Progress has been steady, but real challenges remain. If we want to continue the growth of distributed energy in the Virgin Islands and to support the desire of some individuals to generate their own renewable energy, then we must address three concerns. We must fairly allocate costs for the upkeep of the electrical system. We must develop a fair cost for excess energy sold back to WAPA. We must implement smart grid solutions to solve the technological barriers. The good news is that these challenges are not without solutions, and those solutions are already known to us.
A common misconception is that net metering customers have chosen to go “off-grid” and remove themselves from being a customer of WAPA. The truth is, a net- metered customer has decided to enter into partnership with WAPA to reduce their utility bills. They have not left the grid. They connect to and rely on the poles, wires, transformers, substations, bucket trucks and linemen. Solar customers, in particular, need the electricity grid to ensure they have sufficient power at night and on cloudy days. Net metering customers also use the grid to sell power back to WAPA when they generate more energy than they need.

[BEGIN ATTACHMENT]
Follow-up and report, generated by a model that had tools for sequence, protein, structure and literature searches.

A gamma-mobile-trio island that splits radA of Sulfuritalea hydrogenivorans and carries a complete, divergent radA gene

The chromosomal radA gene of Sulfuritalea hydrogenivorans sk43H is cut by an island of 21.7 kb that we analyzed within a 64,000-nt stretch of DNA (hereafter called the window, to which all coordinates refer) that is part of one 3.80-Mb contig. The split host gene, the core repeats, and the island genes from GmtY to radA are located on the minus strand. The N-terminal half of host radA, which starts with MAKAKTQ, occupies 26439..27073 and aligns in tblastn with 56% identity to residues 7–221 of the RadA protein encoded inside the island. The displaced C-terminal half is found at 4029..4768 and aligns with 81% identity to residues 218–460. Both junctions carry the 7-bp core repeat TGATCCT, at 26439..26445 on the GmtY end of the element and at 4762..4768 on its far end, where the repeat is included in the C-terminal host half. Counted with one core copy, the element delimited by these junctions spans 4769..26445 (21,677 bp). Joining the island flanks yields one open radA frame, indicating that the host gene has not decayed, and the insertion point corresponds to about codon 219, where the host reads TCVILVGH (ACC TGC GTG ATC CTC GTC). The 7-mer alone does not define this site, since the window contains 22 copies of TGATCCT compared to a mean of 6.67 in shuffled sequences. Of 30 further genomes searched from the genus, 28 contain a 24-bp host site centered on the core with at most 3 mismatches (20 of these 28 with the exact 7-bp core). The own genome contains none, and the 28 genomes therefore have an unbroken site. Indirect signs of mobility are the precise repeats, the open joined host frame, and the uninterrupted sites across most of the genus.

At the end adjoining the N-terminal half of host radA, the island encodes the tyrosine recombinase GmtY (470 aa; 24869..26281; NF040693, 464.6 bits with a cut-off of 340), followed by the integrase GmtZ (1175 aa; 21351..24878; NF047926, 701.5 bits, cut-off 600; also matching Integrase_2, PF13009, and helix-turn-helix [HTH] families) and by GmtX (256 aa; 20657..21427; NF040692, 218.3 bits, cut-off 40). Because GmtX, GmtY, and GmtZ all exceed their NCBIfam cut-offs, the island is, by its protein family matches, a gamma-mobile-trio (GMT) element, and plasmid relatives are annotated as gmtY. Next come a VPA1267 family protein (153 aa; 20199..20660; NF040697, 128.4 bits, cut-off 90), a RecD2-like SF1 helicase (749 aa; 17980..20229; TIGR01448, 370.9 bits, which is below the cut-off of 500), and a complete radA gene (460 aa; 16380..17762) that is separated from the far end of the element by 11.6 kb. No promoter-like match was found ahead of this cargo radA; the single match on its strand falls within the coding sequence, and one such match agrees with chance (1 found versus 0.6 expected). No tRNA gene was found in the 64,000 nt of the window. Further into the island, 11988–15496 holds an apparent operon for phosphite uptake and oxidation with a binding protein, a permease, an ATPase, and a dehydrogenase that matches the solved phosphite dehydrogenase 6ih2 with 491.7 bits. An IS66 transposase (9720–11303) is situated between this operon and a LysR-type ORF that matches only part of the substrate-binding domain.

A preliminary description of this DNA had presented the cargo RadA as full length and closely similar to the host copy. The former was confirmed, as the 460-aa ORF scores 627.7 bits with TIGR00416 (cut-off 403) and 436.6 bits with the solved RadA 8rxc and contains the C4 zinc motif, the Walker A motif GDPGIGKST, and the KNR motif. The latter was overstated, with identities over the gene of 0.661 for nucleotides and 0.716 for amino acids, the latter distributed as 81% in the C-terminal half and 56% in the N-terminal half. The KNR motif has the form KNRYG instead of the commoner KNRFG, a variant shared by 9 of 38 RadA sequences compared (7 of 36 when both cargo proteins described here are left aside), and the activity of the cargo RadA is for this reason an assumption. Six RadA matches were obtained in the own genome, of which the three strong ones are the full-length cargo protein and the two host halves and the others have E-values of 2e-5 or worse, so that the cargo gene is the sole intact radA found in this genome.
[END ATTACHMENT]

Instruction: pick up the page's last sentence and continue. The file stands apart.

The reliability and proper maintenance of the grid is of critical importance to all WAPA customers. However, net-metering customers do not pay their proportional share of those charges. WAPA recovers these costs through the consumption charge on your bill based on the kilowatt-hours consumed. Net- metered customers who have reduced their consumption do not pay these costs fully. They effectively pass these costs on to non-net-metered customers. This is negligible in small amounts, but as more people install renewable energy systems, it becomes increasingly important that everyone who uses the grid pays their fair share for the costs of keeping the grid operating. To solve this dilemma, we must agree to a standby rate or a net metering customer charge that adequately accounts for the maintenance and operation of the distribution grid. Other jurisdictions are doing this and there are models of how to spread these costs more fairly among all of WAPA’s customers.